Watch this video with kayak expert and ProStaffer, Ken Whiting, as he brings us through a couple important basics of paddling technique:
The feather of your kayak paddle refers to the angle your blades are offset from one another. Feathering your blades is especially helpful in windy conditions. When one blade is in the water, the one in the air can slice through the wind rather than be a drag in the wind.
An unfeathered paddle is more intuitive to use, so using a feathered paddle takes some practice. And whether you feather at all is completely up to you.
Two Types of Paddle Ferrules Gives Two Feathering Options
All Aqua Bound’s kayak paddles come in 2 pieces (some in 4). Where they join together in the middle is called the ferrule. This is what controls the feather of your paddle.
A Snap-Button Ferrule is the basic model. It allows for either unfeathered or a 60º feather angle.
The patented Posi-Lok Ferrule System we use isn’t just a better connection, it allows for almost unlimited feathering angles. Our highest-end paddles offer the Telescoping Posi-Lok that also allows you to lengthen or shorten your paddle up to 15 cm.
How to Use a Feathered Paddle
Your control hand is the hand nearest to the blade entering the water. It should be 6-12 inches up the shaft from the blade, with your big knuckles lined-up with the edge of the blade. Your other hand will hold the shaft an equal distance from the off-blade.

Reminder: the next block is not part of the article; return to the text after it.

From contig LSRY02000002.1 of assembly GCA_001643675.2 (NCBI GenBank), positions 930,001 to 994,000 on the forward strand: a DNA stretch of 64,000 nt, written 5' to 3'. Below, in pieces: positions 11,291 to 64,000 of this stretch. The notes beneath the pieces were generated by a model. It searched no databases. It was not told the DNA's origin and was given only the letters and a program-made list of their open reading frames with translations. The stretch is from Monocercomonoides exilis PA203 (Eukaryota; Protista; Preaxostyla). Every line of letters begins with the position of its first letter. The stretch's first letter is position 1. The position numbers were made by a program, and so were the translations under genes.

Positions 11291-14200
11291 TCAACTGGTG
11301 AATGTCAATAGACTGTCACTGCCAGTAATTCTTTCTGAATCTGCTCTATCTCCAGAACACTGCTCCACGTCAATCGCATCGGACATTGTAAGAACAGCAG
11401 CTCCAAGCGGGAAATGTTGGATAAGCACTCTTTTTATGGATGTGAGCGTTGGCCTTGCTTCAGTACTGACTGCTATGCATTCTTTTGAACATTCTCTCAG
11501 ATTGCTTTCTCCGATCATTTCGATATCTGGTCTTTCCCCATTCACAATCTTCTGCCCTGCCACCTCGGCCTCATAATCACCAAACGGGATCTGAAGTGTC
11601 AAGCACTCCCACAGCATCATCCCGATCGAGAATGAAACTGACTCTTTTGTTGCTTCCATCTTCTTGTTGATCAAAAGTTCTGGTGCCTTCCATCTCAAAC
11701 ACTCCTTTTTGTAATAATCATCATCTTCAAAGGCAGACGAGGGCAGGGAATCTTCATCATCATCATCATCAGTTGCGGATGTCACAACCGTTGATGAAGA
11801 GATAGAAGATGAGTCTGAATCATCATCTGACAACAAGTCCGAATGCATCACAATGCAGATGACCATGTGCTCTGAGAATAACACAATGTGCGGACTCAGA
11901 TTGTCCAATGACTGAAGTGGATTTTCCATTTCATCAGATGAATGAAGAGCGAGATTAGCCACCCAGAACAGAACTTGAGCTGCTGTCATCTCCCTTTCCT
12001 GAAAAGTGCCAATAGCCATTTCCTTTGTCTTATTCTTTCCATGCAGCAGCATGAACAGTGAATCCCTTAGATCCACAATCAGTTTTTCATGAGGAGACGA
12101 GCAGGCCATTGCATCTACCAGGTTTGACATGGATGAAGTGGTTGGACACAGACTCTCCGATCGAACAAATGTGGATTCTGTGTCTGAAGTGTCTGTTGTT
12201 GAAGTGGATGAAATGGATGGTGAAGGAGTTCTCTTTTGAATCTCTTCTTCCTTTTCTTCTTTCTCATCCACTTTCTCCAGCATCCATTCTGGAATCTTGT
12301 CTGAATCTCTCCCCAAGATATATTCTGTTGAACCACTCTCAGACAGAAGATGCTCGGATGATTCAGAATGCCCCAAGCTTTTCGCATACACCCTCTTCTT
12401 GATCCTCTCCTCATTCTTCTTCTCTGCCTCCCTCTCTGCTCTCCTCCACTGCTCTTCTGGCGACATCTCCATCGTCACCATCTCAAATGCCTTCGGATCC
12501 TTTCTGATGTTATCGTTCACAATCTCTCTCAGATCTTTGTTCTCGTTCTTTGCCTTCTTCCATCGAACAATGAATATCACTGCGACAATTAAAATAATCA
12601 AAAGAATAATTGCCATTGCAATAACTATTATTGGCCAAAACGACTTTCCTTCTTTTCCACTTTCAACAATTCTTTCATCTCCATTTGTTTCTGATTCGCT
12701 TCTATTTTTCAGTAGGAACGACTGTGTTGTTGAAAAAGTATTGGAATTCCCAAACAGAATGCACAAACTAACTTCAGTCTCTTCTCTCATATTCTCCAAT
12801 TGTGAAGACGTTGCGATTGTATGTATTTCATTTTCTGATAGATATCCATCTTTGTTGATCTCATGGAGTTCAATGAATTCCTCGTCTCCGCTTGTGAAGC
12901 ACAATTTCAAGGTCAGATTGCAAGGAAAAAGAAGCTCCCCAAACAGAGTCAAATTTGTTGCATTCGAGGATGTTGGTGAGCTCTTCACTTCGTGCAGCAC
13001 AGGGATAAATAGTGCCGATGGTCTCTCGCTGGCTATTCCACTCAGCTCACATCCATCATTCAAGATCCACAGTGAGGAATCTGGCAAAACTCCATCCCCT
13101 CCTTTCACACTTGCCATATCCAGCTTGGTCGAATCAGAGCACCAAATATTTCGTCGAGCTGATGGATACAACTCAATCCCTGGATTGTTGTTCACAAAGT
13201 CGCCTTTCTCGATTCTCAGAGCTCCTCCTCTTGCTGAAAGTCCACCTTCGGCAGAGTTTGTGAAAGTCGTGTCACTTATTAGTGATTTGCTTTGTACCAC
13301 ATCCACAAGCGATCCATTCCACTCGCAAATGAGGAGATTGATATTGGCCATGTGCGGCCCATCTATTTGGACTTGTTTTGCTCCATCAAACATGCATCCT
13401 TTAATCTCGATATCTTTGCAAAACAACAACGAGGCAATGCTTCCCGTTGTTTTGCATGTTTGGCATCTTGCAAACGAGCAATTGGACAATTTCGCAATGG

(A good way to check the right grip distance for you is to hold the paddle up so the ferrule is resting on your head. Bend your elbows at a 90º angle. Where your hands are on the shaft is where they should be when you paddle.)
At the end of each stroke with your control hand, your off-hand will rotate the shaft so that blade is ready to enter the water for the next stroke. Loosening your hand and rotating the shaft happens between every stroke.
Of course if you decide not to feather your paddle, you won’t need to rotate your shaft between strokes.
Be sure to hold your paddle without a tight grip. Keep your hold firm, but relaxed. You’ll experience less fatigue as well as help prevent blisters and over-use injuries.
Sit in Your Kayak Properly
As you sit in your kayak, you should be sitting upright—not leaning back. Your feet should rest securely on the foot pedals, your knees slightly bent and a little apart.
You’ll find one of the most important difference between basic kayaks and higher-end ones is the quality and comfort of the seat and back support.
Do you have questions for us? Contact our Wisconsin-based customer service team today: [email protected] • 715-755-3405
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